That said, it’s no Billy Elliot or Pride, and is saddled with a few caricatures at which even Richard Curtis might have balked
It’s a true story. In a Monmouthshire village, Jan Vokes (Toni Collette), Co-op checkout woman by day, barmaid by night, ambitiously decides to apply her pigeon-breeding expertise to horse racing. With local accountant Howard Davies (Damian Lewis), she forms a syndicate of villagers to raise the fees so trainer Philip Hobbs (Nicholas Farrell) might guide Dream Alliance, the horse they have raised on an allotment, to winning ways.
Collette, who comes from New South Wales, makes a convincing native of the old version, and gets solid support from a pedigree cast which also includes Owen Teale, as her orthodontically challenged husband Brian, and the venerable Sian Phillips. She plays a potty-mouthed neighbour who would seem less of a rip-off of Doris in TV’s Gavin & Stacey without the presence of two G&S regulars (Joanna Page, Steffan Rhodri).
Director Euros Lyn keeps it cantering along pretty amiably, constructing a few slightly laboured setbacks and personal issues so it’s not all sugar-cube sweet. But given the strength of the source material, Dream Horse is a mild disappointment, not the thoroughbred feelgood film it might have been.
Both films are in cinemas from today.
Britain’s international status might have diminished these past few decades, but we can still boast the two most famously hard-working 95-year-olds on earth — namely the Queen and, less than three weeks apart from her in age, Sir David Attenborough.
The latter just can’t stop presenting documentaries, and the latest of them is Breaking Boundaries: The Science Of Our Planet (★★★★). In it, he introduces evidence that even climate-change sceptics might struggle to refute: that humanity is well on the way to wrecking its own habitat.
The melting of the Greenland ice cap, and the destruction of the Amazon rainforest, is a double-whammy that life on earth, as we know it, will not ultimately survive.
Yet there is hope in this film, as well as a level of despair that reduces one biologist to tears on camera. According to the great man, it’s still not too late to make things, if not right, then better.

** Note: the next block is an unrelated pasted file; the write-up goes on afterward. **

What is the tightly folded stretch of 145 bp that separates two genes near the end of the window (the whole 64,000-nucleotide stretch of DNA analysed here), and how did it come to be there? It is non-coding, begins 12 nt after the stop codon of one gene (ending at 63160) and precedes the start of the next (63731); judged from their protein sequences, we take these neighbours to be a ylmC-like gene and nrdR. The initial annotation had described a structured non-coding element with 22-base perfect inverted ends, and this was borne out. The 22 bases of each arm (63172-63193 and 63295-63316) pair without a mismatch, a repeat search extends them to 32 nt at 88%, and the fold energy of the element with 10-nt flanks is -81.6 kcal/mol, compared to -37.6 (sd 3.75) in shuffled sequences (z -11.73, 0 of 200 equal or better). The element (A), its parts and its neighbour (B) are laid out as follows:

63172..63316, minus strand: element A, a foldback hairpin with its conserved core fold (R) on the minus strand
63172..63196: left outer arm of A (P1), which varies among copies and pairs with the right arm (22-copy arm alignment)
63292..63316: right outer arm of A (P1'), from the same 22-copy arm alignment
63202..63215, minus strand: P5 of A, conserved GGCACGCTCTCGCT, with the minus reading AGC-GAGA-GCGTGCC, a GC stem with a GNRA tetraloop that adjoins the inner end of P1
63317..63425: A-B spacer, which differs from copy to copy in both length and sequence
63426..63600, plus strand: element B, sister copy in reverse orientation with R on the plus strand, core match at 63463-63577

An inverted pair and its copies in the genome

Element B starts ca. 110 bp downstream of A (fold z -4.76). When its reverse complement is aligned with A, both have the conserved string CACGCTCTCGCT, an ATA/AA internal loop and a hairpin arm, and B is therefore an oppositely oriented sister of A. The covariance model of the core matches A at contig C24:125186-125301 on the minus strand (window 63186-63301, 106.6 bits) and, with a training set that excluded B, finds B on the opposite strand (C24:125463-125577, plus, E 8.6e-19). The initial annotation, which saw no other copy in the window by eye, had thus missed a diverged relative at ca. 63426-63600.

Nail Bomber: Manhunt (★★★★) focuses on a different kind of destruction, the deranged hatred that caused far-right activist David Copeland to detonate three nail bombs in London in 1999. It’s another very good documentary, which shows how Copeland was caught, but also unveils the depths of his depravity; packing his devices with nails wasn’t enough, he also soaked the nails in rat urine, to maximise infections among those he didn’t kill.
Both films are available now on Netflix
ALSO SHOWING… VOYAGE OF DISCOVERY FOR A BIGAMOUS BOATMAN’S WIDOW
Joanna Scanland is simply superb in After Love (★★✩✩✩ , 12A), the intense debut feature of writer director Aleem Khan. She plays Mary, a Muslim convert whose Pakistani-born husband, a ferry captain, dies abruptly at their home in Dover.
As if sudden widowhood were not painful enough, she then discovers he had been in a relationship for years with Genevieve (Nathalie Richard), a woman at the other end of his cross-Channel route, in Calais. More devastating still, they had a son, now in his teens — which Mary doesn’t realise until she goes to confront Genevieve and is taken for the new cleaner. It’s piercing stuff which cleverly uses that standard device of farce, mistaken identity, as the dramatic engine of a film that somehow condenses themes of grief, jealousy, parenthood, cultural assimilation, race and even homosexuality into its compact running-time.
Land (★★✩✩✩ , 12A) follows another grieving woman (Robin Wright, also making her directorial debut) to Wyoming, where she holes up in a remote cabin, not caring whether she lives or dies. That it’s not the latter is thanks to a kindly hunter (Demian Bichir) with emotional baggage of his own. At times it feels like an endurance test for us, too, but it’s predictably well-acted.
I loved Adam Rehmeier’s Dinner In America (★★✩✩✩ ), which won’t be for everyone but it’s a funny, spirited, subversive romcom about the unlikely relationship between an angry punk singer (Kyle Gallner) and his nerdiest fan (Emily Skeggs).
At first it’s hard to spot their virtues but gradually you find yourself completely rooting for them. A cult classic in the making.
After Love and Land are in cinemas. Dinner In America is on digital platforms.